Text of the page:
Monday, 19 March 2012

Google announces SEO algorithm update


Search giant Google is planning to penalise web sites that the company feels are "over optimised", according to an announcement by the head of web spam Matt Cutts.

The surprise announcement was made at this year's South by Southwest conference in Austin, Texas.

Cutts was speaking at the tech conference and it is still unclear whether he meant to talk about the subject.

However, he made it clear that the international IT organisation is developing a new
algorithm that it hopes will "level the playing field" and reward sites with unique content.

According to Cutts, Google has been busy looking for new ways to make sure sites it deems to have high-quality content are ranked above keyword-heavy pages – which would help to ensure its own market share.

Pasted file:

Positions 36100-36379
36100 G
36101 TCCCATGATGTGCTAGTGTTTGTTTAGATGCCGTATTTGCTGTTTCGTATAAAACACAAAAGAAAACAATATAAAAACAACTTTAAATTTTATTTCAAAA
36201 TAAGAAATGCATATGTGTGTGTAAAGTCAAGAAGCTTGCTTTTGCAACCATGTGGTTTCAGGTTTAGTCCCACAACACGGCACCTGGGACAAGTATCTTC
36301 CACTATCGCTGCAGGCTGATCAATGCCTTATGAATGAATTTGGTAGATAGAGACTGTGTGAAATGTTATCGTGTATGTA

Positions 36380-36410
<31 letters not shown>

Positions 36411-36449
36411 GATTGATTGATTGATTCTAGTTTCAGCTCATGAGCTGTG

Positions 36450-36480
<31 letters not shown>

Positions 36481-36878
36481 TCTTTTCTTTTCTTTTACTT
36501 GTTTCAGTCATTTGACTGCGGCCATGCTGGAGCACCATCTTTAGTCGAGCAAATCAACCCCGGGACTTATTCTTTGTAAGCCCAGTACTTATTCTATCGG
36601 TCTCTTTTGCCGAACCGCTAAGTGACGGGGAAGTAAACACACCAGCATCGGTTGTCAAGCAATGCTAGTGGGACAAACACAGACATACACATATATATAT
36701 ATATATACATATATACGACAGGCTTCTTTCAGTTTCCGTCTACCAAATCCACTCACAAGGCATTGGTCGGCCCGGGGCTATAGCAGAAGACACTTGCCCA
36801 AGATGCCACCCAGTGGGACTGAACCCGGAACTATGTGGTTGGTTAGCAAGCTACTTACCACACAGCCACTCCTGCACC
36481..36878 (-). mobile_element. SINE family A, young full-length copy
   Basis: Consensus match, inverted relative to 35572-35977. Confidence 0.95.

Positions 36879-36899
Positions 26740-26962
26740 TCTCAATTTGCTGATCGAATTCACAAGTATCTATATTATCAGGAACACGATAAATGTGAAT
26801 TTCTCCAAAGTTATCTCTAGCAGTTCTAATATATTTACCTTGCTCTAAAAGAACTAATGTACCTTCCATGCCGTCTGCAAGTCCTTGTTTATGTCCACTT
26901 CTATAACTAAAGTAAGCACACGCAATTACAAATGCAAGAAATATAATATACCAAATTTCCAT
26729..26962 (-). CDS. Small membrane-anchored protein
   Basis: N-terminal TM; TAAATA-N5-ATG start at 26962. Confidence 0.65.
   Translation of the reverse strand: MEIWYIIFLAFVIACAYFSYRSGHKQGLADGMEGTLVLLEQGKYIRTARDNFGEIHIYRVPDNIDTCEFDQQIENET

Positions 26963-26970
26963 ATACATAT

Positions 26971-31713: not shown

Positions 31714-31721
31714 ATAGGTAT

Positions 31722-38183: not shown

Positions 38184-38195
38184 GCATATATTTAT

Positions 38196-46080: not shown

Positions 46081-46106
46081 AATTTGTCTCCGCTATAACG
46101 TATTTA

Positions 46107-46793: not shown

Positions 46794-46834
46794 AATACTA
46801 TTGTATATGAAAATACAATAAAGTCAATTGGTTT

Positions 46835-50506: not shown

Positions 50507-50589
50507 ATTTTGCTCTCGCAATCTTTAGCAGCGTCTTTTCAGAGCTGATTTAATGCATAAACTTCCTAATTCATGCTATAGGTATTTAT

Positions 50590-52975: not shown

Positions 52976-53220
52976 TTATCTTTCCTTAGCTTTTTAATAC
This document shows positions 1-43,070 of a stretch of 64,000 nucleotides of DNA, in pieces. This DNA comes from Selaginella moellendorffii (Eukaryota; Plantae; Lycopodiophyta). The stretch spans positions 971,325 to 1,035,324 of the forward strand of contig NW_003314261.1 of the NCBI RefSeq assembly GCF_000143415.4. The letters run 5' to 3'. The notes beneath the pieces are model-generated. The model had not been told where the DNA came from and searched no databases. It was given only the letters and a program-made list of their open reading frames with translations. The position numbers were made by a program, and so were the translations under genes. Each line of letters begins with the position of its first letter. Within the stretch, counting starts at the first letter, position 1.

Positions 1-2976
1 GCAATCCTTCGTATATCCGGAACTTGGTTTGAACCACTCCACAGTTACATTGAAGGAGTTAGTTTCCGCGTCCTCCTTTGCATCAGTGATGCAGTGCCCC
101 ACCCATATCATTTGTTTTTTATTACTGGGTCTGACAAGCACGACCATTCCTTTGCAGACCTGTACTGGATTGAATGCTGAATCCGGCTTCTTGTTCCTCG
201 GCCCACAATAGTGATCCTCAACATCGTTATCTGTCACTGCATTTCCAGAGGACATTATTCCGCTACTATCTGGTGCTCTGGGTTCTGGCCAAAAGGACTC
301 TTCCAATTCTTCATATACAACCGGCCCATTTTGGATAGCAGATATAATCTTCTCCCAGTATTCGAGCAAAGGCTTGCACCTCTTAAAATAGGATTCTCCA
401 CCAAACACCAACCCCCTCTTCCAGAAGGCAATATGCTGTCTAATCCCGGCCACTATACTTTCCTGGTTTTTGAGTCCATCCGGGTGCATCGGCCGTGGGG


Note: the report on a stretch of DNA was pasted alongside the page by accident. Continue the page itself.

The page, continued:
"We try to make the GoogleBot smarter, try to make our relevance more adaptive, so that if people don't so, SEO we handle that. And we are also looking at the people who abuse it, who put too many keywords on a page, exchange way too many links, or whatever else they are doing to go beyond what you normally expect. We have several engineers on my team working on this right now," explained Cutts.

The company is keen to update its page ranking system, which takes keywords, links to other sites, layout, appearance and a number of other factors into consideration in order to determine which pages rank above or below the first page fold.

Reports from a variety of Tech journals suggest that Cutts' latest user update may in fact be part of a broader plan to provide users with more relevant search results.

Semantic search – which places a greater emphasis on the actual meaning of words – will be able to associate terms and link them to relevant sources in what the company refers to as the "next generation of search".